Living with chronic pain occasions the question, “How are you?” People often respond, “I’m fine, thank you,” because others don’t always want to hear or talk about it. This is also an honest answer, for what is true in the moment. However, behind this answer are a few things people who live with chronic pain have in common.
Chronic pain never goes away. It waxes and wanes; some days it is unbearable and other days it is manageable. It is unpredictable and different for everyone. It is hard to make and keep plans. Chronic illness and pain are very isolating. However, it means a lot to not be forgotten.
The same disease does not produce the same symptoms in everyone. People with the same disease have different symptoms and issues. Don’t assume that knowing someone with the same disease means you understand what it means for another person.
Fifty million Americans live with chronic pain. Of that, twenty million have high impact pain which limits their work and social life. This is just over twenty percent of the population. You know someone who lives with chronic pain.
People living with chronic pain do not want your sympathy or pity. What is needed is understanding and compassion. Please don’t say, “Tomorrow will be a better day,” because there is just as good a chance that tomorrow will be a worse day. Please don’t try to fix it or say just the “right thing.” Often people are uncomfortable with the changes that come in the life of a person with chronic illness. It is understandable. Know it is enough if you just express your care and compassion.
Fighting for needed health care is a part time job. Keeping track of medical billing, paying co-pays and bird dogging our dysfunctional health care system is a task that takes time most weeks.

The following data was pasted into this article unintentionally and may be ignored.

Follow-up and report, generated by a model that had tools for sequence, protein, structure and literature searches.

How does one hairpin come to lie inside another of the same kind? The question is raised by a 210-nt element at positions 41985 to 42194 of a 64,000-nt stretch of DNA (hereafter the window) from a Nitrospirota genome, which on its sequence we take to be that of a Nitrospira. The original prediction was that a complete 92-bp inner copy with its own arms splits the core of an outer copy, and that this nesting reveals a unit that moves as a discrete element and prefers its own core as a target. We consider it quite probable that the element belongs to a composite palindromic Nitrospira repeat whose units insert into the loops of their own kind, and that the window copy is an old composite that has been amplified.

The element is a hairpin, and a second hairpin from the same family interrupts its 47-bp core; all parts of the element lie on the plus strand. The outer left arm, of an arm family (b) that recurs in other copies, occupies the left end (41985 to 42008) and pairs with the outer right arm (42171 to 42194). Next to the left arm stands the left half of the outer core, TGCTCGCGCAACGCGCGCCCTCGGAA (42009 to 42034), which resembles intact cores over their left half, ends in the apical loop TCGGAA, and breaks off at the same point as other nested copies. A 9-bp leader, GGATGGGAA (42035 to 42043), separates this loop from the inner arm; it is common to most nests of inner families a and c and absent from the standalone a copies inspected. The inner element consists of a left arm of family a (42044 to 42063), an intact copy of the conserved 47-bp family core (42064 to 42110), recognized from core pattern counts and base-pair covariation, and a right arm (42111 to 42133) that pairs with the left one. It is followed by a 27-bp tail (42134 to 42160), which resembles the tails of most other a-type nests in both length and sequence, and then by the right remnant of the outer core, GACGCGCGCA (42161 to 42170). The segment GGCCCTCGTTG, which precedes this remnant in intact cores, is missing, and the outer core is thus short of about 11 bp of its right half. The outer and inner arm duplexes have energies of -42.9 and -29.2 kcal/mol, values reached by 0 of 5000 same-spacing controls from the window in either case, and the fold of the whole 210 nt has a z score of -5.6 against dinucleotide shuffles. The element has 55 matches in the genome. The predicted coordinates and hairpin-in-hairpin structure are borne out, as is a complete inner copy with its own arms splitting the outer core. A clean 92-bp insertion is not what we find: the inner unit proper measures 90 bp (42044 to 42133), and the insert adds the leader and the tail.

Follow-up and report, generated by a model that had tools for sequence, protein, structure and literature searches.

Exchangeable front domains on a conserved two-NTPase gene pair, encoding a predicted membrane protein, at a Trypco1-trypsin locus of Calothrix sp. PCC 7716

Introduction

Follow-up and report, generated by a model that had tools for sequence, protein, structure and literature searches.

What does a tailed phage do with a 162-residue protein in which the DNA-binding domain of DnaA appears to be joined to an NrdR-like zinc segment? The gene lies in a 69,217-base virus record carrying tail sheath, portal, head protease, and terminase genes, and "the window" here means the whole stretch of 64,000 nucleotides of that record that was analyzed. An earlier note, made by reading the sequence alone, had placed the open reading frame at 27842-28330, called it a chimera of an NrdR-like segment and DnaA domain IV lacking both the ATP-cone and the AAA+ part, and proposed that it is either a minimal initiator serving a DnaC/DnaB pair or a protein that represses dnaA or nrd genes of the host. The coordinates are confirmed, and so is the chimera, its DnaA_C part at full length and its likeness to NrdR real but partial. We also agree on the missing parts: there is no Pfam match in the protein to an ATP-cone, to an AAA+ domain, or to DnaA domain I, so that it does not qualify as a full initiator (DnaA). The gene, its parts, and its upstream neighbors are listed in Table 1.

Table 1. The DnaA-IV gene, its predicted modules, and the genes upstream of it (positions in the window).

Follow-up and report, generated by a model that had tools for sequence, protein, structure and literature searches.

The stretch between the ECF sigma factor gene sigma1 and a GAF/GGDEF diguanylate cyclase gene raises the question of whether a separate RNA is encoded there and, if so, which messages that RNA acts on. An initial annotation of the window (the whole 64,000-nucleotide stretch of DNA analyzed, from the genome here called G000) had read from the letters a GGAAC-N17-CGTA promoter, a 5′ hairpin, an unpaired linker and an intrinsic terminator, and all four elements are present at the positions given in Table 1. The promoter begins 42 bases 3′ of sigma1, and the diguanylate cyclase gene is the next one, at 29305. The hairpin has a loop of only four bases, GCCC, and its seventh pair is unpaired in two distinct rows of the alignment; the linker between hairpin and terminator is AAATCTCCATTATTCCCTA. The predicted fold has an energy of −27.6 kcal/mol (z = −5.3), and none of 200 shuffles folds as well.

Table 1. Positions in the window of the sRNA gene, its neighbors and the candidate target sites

Energy is a limited commodity. There are no reserves to “suck it up” and do the next thing. When energy is gone, it is gone and there is no more. Pain saps energy. Some days getting dressed and eating take all the energy there is.
Pain causes brain fog. Some days it is difficult to do just about anything except watch mindless reruns because following a story line in a book or having the energy to do something enjoyable is just not there.
A sense of humor is crucial for living through most days. Smart ass remarks and sarcasm can be a helpful coping mechanism. It helps to get through the day. It can also deflect unwanted pity and sympathy.
Most people who live with chronic illness and pain don’t look sick. Saying so is not helpful. It feels minimizing. Much chronic illness and pain is invisible. It is more helpful to say, “I’m glad you could be here today. Thanks for coming.” Or, “Thanks for making the effort; I know it isn’t always easy for you to get out.”
The accountability of close friends who inquire about self-care and well-being are helpful. Please don’t assume you are the person to challenge someone to live differently with their limitations. It’s a small circle and you know if you are in it. If you have to ask, you probably aren’t.
It’s not helpful to say, “I am praying you will get better and I’m sure you will.” Please don’t say, “There are so many others who are worse off.” Yes, it is true and no, it is hot helpful. Please don’t minimize chronic illness with global statements about it not being terminal. No, it’s not life threatening cancer; however, such comments undermine the very real limitations that are part of every day.
So, when you ask a person with chronic illness or pain how they are, and they say they are “fine.” They are. They are managing and coping as best they can with a host of things that are not visible to most people. They are enjoying life as best they can. Hopefully, they are also discovering a new richness to life that comes from being present to the moment even when the moment is not what they hoped for their life. They are as fine as they can be in the moment.